The Ole Ball Game

There are no outs and runners are at second base & third base should you walk the batter to load the bases?

Anonymous asked: If there are no outs and you have runners at second & third, should you walk the batter to load the bases?



Rick answered: Thank you for your question.

There are some factors which figure into this decision, as to whether you want to pitch to the hitter or walk him.

What is the inning? Is it early in the game, or late? Generally, if you are willing to intentionally walk a hitter, it is late in the game, with the score close, and the hitter in question is a very good hitter.

With no outs, loading the bases gives the defense the possibility of a double play ground ball.

If the runner on third is the winning or tying run, when you load the bases your entire infield will be on the grass, and your double play attempt will be home to first, as you cannot afford to give up that run. With your infield on the grass, that positioning adds about .150 points to a hitters average.

So, the second factor is the score. If you are comfortably ahead, there would no real reason to intentionally put someone on base, play it out.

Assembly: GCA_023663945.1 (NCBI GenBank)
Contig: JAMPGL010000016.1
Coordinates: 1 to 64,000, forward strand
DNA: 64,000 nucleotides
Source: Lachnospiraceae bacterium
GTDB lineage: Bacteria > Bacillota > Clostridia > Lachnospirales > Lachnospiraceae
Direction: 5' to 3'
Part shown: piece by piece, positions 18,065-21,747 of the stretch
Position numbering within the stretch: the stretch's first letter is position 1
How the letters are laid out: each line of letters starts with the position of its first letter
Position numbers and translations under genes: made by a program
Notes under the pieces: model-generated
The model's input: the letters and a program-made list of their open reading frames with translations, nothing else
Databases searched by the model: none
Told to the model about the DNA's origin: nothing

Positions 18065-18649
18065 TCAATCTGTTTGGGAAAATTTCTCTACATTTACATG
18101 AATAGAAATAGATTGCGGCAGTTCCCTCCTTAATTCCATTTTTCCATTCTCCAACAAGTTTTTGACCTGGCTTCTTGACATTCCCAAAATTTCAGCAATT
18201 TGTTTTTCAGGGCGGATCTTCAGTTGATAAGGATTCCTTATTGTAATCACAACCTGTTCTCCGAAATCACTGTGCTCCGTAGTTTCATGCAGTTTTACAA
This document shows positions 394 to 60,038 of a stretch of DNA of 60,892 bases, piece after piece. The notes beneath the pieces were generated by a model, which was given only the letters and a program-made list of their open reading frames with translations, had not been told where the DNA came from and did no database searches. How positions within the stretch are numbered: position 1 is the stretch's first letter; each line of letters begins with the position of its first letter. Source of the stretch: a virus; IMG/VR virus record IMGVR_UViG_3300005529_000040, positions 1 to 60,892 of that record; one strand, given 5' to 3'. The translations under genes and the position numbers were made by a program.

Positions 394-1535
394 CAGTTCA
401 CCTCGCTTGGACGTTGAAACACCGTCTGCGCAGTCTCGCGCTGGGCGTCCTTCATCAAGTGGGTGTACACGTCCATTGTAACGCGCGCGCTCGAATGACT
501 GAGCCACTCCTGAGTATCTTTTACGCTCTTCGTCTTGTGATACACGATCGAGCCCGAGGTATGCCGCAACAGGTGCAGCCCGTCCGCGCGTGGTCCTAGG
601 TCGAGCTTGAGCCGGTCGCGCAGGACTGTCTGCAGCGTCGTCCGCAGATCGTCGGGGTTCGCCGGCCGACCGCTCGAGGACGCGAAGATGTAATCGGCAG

If the hitter was just wearing you out, you could justify walking him to load the bases and face a lesser threat. With a comfortable lead your middle infielders could play at double play depth and see if you could manage a double play. Percentages would be higher.

The abilities of your infield also come into play here. In the MLB they have no issue with intentionally loading the bases, as their infielders will routinely turn most all ground balls.

In college those percentages go down some; but are still a good bet.

With varsity high school players, you may be looking at 50/50 whether, even if you get the ground ball, that everything from the speed of the ground ball, to fielding the ground ball, to the fielder making a good front end throw, to the second infielder turning that feed with an accurate back end throw, that the first baseman is able to catch.

As you move down into JV and Freshman team levels the percentage will drop some more.

Younger players, travel ball, little league, even lower.

It doesn't mean you don't want to set it up and go there, they need to have opportunities to execute these types of plays, it is all a learning process. They work on it in practice, letting them work through the experience at game speed and pressure is very valuable.

Yours in baseball,

Rick







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